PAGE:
‘Faithless electors’ present scenario that could keep Trump in White House
Remember “faithless electors” — those almost mythical rogues that Hillary Clinton fans once desperately hoped could save them from a victorious Donald Trump four years ago?
Well, there is still such a thing as faithless electors, they are still an incredibly longshot, and Trump fans can place the very slimmest of hopes in them, now, too.
So what are faithless electors again?
As a refresher, when we fill in those ballot ovals to select a president, we are actually selecting a slate of “electors,” human beings who are bound to vote for a particular party’s candidate when they meet next month in their respective state capitals.
For example, the president won Florida’s 29 electoral votes on Tuesday night after a majority of voters there, more than 5.6 million people, filled in the oval for President Donald Trump and Vice President Mike Pence.
But those millions of Floridians were actually voting for their state’s Republican “electors” — 29 party loyalists chosen by their state GOP leaders.
“When a voter casts a vote for a candidate for President of the United States, s/he is in actuality casting a vote for the presidential electors who were selected by that candidate’s party,” as the National Conference of State Legislatures explains.
All 29 of Florida’s electors are bound to vote for Trump and Pence — and will head to Florida’s statehouse and cast their pledged vote for the GOP ticket on Dec. 14.
The same scenario will play out across the country — in New York, for instance, which also has 29 Electoral College votes and which was easily won by Joe Biden and Kamala Harris.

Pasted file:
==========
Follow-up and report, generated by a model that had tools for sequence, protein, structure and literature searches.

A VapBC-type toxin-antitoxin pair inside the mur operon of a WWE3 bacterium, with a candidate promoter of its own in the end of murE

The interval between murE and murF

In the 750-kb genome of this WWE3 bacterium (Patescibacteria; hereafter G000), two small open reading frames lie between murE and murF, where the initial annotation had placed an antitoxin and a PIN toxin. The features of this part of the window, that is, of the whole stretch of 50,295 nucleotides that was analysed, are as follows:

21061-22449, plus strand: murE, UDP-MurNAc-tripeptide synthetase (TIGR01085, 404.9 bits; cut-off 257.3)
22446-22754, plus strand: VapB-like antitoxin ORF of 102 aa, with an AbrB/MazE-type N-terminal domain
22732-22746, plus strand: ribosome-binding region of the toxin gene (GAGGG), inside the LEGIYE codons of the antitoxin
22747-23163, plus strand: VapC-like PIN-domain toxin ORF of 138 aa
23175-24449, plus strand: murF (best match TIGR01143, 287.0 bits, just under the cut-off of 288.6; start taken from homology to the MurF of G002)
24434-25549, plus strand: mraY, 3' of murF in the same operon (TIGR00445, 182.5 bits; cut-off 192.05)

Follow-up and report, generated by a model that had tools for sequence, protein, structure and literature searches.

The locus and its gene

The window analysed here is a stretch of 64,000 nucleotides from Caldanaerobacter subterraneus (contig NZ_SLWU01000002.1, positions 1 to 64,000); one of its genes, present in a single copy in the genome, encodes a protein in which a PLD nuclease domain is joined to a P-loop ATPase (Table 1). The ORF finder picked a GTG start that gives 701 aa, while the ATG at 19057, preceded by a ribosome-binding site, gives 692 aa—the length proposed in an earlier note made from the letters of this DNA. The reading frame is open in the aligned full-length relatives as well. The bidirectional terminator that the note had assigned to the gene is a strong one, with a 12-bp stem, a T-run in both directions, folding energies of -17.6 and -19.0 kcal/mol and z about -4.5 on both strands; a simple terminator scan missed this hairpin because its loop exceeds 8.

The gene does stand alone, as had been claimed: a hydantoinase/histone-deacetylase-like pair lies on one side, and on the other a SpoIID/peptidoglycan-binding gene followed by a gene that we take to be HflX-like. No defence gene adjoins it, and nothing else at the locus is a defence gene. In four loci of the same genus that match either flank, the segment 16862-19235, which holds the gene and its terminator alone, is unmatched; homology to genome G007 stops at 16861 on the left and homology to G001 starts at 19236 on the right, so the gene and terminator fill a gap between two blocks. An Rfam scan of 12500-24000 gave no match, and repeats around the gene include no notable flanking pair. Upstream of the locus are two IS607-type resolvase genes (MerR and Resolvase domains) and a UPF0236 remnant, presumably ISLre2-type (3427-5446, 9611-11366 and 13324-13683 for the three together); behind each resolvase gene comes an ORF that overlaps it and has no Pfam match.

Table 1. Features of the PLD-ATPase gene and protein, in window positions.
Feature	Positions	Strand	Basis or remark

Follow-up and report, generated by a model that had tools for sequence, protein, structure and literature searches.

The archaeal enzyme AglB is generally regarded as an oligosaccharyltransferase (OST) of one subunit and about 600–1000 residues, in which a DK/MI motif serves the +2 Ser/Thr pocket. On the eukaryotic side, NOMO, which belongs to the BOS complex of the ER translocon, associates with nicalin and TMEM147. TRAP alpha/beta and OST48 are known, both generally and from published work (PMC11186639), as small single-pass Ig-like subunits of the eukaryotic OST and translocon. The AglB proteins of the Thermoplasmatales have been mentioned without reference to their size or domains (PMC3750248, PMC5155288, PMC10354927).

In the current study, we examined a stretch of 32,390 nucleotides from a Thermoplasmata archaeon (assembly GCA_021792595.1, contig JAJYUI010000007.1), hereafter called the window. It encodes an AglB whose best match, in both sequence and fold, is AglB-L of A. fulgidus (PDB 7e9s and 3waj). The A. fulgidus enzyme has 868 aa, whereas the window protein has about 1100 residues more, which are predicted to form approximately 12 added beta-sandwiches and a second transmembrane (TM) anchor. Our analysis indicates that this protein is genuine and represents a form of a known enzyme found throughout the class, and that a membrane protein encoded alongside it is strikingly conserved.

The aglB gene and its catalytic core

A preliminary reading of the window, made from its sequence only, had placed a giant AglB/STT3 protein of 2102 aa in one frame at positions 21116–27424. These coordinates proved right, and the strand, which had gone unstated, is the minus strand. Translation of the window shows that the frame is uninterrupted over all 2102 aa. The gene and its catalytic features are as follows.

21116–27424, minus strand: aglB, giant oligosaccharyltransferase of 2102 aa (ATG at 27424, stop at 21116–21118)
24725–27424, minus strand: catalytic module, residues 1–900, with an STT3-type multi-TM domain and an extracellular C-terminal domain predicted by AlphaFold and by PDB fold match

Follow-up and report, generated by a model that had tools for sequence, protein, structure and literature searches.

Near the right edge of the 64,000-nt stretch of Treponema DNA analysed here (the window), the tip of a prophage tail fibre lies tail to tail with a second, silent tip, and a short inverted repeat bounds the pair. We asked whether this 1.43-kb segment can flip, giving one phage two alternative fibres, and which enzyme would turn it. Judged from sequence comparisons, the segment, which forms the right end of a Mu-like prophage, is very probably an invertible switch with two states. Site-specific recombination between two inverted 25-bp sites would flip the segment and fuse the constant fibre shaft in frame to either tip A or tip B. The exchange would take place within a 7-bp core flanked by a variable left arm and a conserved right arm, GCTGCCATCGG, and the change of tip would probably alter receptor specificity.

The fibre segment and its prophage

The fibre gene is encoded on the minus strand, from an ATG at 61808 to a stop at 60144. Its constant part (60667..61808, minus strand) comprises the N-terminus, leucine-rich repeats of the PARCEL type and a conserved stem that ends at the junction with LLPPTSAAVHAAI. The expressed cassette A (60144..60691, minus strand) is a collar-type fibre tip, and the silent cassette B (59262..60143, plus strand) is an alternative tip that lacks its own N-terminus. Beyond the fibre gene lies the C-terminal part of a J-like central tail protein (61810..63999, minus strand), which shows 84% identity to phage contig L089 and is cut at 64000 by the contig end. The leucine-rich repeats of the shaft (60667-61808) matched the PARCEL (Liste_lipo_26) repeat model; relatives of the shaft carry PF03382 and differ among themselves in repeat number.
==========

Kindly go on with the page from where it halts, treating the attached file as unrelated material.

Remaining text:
As in Florida, on Dec. 14 New York’s 29 electors — loyalists chosen by state Democratic leaders — will dutifully report to Albany. But they’ll cast their votes for Biden-Harris.
As a formality, Congress will then meet in joint session on Jan. 6 for the official tally of the Electoral College votes.
That’s what is supposed to happen — and what almost always does, without a hitch or surprise.
But that’s where “faithless electors” could come in — rogues who vote for someone else, or who abstain entirely.
It’s happened 85 times in America’s history, according to Fairvote.org, which advocates for the abolishment of the Electoral College.
That number includes three electors who abstained. “The other 82 Electoral votes were changed on the personal initiative of the Elector,” Fairvote.org says.
Most of the faithlessness happened long ago, when there was a mass defection in 1836, for example, and 23 Virginia electors revolted.
But it has happened as recently as 2004, when one Minnesota elector declined to vote, as pledged, for Democrat John Kerry and instead voted for Kerry’s running mate, John Edwards.
That bit of roguishness had no bearing on the election, as the incumbent Republican president, George W. Bush had already handily won.
There would either zero penalties or only the lightest wrist-slap should electors abstain or vote rogue.
But to change the 2020 presidential election, multiple electors would need to do so — enough to flip the Electoral College balance — and America has never even come close to seeing that happen.
And even then, Congress would have to approve the changed tally, perhaps the highest hurdle of all, given that the House remains controlled by Democrats.
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